Blood, guts and gory
Sacramento resident Nicole Chilelli has a thirst for blood—and making it gush from a fake wound in your neck. The 28-year-old special-effects makeup artist took a longtime love for Halloween and turned it into her life’s work, churning out busted lips, broken noses and bizarre creatures for photo and film. Next week, her passion is put to the test on the third season of the reality-show competition Face Off, which premieres Tuesday, August 21, at 9 p.m. on the Syfy channel.
Can you tell me anything about the show?
No. [The show’s producers are] really strict [about] what I can say and what I can’t.
OK, we don’t want you to get sued.
Yeah. For a lot (laughs).
How did you originally get involved in special-effects makeup?
I kinda got started with … my love for Halloween. … I’ve always had art in my life. … In school, it was like every art class I could take, I would take it, whether it was sculpting or jewelry making or theater. … But I never really knew how that was gonna be a job—like, what am I gonna be, like some painter, selling my art … for $20 a pop or something?
It’s not necessarily an easy living.
No … I decided that a good way to make it a career was to be a tattoo artist. So I started at a tattoo shop. But it just wasn’t a good fit. So I ended up just working at an art-supply store, and I was still really big into Halloween and always messing around with blood effects and trying to make stuff as scary as I possibly could. That was … my passion. …
One year, I bought this fake hand [at] a 24-hour Halloween store. … I had it hanging out from the back of my trunk, just to scare people for the whole month of October. I got all the paints and makeup stuff and started painting it to make it look gross and dead and just as scary as I could.
You made a mafia trunk?
(Laughs.) Yeah, just made it as bloody and gory as I could. I guess I was out there working on it for, I don’t know, like three hours or something like that, and my dad came outside, and he was like, “Dude, do you realize how long you’ve been out here? This is, like … you’re sick. Something’s wrong with you.”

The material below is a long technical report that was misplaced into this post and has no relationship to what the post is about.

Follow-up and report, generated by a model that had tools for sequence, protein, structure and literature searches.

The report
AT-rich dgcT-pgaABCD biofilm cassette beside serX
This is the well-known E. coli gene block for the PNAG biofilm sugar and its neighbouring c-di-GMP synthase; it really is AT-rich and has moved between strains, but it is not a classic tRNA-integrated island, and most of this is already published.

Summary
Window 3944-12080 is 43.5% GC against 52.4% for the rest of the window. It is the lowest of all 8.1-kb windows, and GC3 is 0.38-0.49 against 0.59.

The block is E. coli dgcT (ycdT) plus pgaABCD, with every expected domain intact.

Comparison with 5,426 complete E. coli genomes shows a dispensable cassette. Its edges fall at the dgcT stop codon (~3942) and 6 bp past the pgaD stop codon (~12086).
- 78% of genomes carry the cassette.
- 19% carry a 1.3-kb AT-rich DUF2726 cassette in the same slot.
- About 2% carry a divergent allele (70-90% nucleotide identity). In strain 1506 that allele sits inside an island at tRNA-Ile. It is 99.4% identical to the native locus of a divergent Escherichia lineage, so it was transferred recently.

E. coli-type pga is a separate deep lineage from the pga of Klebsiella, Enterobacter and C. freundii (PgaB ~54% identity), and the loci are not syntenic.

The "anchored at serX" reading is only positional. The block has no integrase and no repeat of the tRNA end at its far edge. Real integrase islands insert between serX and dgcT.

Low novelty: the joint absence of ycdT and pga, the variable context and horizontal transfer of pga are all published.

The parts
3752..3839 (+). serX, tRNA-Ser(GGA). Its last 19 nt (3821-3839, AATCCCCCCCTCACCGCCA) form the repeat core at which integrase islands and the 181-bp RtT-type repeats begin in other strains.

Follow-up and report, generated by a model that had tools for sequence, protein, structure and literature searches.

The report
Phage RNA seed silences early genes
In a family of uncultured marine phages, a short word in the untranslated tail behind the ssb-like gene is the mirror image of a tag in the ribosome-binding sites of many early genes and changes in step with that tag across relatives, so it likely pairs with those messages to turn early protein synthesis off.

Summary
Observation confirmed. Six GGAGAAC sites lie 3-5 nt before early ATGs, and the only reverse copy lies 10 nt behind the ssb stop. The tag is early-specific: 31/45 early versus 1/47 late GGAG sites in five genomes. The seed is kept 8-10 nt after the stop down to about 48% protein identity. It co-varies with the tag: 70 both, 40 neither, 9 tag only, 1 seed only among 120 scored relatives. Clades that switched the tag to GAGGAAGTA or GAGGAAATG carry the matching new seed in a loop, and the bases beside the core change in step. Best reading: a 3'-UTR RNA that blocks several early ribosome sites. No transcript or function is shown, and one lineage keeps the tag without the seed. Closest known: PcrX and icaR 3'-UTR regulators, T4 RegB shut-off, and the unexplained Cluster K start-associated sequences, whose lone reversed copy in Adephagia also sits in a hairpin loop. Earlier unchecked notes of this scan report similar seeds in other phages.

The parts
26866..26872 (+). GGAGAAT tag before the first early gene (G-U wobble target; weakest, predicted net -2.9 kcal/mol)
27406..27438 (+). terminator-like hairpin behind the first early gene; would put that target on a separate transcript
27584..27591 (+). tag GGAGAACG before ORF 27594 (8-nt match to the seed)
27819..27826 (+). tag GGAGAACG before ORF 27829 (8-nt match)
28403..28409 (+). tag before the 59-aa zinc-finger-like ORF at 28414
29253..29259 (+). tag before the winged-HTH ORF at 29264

Ha! That’s great.
So, he’s like, “Why don’t you do this for a living? Why don’t you do movie makeup?” I’d never even thought about that. That’s my two loves in one. … One day, my dad came home with a [community-college] pamphlet, and it had a Halloween “Blood, Guts, and Gore” class. … And the very first day in that class, I was like, that’s it. This is what I’m meant to do. … I felt, like, super excited and driven by that … so I went on to take a fantasy-makeup and professional-makeup class.
Is there work for you in Sacramento?
There is a film industry in Sacramento; there are photographers. … I get a lot of student filmmakers, and I’ve just started working with some bigger-named people in Sacramento. … A lot of people don’t think there’s much going on here, but Sacramento has a lot of artists.
I know some effects artists get tired of the gore. Are you the opposite?
I like doing all of it. … I really enjoy the fantasy and the creatures … but if you put a blood tube in my hand, and I have to make blood spurt out of somebody’s neck or something, I’ve got a grin on my face the whole time.
Do you have a particular blood recipe that you use?
It depends on what the project is, you know? If somebody’s going to be lying in a huge pool of blood, I’m going to make that. It’s not a big deal. But if it’s gonna be going into somebody’s mouth or something, I’d probably want to buy the mint-flavored one.
On Face Off, you work closely with industry names, like Ve Neill and Glenn Hetrick. What’s it like working such well-established makeup artists?
It’s probably the biggest awesome thing on the show, being able to have … people who have been in the industry, people who really know makeup—to have people of that level look at your work, and be like, “This is good,” or “This sucks,” or “This is what you need to work on.” Having their critique is a gift.
Even if they tell you it stinks?
You’re learning from the best. You know, sometimes it sucks to hear bad things from anybody. … But it’s always a learning process. … If everybody always tells you, “It’s beautiful, you did a great job,” you’re never going to learn anything. Those bad things anybody ever says are just going to make you a better artist. And it’s just as good and amazing when people love it—it feels wonderful.